SEATTLE, Jan. 21 (UPI) -- Seattle, which gets a small amount of electricity from its own trash, plans to increase its garbage power significantly, city officials say.
The city of 602,000 plans to outfit a second landfill to pump methane gas from refuse by 2012, adding to an existing landfill in Arlington, Ore., where Seattle's garbage is taken by train, officials said.
The city first began getting electricity from the Arlington plant in October.
"This is part of our strategy," City Councilman Bruce Harrell, chairman of the council's Energy, Technology and Civil Rights Committee, told the Seattle Post-Intelligencer. "This is part of our vision."
A network of pipes moves the methane from the tons of garbage in the Arlington landfill into a compression facility, which sends it to internal combustion engines. The engines turn generators that produce 5.7 megawatts of electricity sent up the power grid, enough to supply about 5,600 homes.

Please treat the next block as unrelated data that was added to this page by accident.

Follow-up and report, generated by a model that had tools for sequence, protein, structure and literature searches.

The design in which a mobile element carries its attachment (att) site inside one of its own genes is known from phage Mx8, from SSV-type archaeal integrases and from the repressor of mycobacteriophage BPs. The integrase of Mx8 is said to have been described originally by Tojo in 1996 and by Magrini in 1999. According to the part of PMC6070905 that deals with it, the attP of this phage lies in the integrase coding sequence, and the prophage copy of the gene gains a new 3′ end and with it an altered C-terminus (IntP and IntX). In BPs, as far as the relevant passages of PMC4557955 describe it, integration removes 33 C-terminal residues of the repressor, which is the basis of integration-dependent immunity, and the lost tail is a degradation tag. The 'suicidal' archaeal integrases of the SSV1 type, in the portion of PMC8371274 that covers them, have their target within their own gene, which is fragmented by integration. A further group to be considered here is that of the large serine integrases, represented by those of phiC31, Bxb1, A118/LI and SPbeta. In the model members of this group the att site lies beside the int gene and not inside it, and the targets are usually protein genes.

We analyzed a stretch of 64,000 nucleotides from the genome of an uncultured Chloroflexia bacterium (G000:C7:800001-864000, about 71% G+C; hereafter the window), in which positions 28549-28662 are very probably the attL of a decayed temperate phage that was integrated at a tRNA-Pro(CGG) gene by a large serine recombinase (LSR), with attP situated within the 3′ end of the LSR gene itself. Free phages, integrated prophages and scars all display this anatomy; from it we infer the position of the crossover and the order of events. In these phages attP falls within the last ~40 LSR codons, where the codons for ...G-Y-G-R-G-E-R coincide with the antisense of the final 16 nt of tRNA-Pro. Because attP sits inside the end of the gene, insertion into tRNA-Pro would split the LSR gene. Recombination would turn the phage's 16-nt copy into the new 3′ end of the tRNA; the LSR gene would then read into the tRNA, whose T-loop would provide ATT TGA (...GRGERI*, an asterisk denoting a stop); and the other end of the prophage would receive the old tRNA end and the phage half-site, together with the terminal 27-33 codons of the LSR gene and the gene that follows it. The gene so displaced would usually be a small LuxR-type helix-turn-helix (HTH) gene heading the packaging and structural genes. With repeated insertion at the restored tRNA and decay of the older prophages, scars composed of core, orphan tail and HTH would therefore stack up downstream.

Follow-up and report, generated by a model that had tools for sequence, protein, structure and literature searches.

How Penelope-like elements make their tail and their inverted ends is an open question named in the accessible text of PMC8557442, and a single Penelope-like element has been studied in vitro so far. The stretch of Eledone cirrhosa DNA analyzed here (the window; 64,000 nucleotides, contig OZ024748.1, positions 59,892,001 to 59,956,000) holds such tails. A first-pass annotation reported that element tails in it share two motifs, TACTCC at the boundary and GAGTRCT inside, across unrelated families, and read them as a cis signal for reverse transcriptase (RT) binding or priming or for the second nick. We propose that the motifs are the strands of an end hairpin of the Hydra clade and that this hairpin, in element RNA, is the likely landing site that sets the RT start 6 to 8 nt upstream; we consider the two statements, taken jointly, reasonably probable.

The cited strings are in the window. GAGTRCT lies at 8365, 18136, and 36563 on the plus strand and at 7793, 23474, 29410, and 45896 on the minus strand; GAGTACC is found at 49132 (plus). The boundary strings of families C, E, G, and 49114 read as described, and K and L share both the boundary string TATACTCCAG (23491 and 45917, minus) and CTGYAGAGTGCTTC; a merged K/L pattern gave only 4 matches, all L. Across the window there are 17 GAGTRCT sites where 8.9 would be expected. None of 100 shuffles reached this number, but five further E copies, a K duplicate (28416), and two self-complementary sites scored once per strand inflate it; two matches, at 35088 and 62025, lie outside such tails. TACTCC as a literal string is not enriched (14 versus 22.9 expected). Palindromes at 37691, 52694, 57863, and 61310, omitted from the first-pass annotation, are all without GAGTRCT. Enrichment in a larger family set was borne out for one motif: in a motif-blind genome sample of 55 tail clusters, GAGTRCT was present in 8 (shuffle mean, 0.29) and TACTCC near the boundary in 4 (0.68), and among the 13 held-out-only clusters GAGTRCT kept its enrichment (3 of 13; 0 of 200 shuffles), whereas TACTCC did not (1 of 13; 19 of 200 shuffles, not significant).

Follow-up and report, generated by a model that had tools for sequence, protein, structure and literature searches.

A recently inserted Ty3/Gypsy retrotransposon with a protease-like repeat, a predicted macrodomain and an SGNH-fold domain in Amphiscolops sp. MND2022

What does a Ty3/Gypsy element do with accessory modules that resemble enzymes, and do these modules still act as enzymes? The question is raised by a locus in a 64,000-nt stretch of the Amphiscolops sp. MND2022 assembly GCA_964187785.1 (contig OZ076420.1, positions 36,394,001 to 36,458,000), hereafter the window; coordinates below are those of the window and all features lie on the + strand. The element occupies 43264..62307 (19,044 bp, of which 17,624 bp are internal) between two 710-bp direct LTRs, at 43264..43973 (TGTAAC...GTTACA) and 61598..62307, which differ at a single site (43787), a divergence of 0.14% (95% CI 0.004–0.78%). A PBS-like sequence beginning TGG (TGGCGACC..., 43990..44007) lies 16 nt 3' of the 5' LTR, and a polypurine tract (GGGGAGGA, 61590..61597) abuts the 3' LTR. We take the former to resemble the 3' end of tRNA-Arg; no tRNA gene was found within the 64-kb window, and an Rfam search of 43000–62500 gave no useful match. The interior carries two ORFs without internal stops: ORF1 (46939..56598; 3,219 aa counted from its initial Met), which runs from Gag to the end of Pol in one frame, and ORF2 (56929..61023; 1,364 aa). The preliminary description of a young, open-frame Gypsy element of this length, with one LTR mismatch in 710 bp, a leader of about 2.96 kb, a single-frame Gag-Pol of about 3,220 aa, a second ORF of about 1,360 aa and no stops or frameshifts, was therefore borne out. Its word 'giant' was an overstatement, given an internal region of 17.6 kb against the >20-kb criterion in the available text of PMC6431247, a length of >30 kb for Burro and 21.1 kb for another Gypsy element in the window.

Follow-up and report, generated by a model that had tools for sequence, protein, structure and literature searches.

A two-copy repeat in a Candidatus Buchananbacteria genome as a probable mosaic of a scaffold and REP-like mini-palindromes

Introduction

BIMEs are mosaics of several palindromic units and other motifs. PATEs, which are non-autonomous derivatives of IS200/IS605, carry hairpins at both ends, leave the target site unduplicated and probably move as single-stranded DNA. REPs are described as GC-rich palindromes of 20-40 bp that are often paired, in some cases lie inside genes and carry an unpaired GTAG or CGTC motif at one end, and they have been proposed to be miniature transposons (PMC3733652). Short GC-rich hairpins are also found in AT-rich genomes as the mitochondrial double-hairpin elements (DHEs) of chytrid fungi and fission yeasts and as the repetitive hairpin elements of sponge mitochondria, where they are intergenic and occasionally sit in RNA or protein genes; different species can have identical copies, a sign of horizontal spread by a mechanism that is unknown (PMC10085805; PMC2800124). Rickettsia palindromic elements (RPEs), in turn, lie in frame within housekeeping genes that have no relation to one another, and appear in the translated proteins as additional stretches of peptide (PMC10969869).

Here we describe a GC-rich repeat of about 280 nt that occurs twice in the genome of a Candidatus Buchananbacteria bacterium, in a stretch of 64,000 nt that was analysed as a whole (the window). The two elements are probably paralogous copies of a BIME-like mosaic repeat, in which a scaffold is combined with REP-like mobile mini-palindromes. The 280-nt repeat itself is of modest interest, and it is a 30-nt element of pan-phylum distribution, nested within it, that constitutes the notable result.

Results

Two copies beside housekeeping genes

Seattle uses about 1,132 megawatts, the Seattle City Light utility averages. About 89 percent of the utility's power comes from hydroelectric dams, 5.6 percent from nuclear energy, 3.4 percent from wind, 1.3 percent from coal and 0.5 percent from natural gas, the utility says.
The methane-extraction arrangement is part of a 20-year contract between the city and national garbage-management firm Waste Management Inc. of Houston, which built the system and charges the city about $2.5 million annually, Harrell said.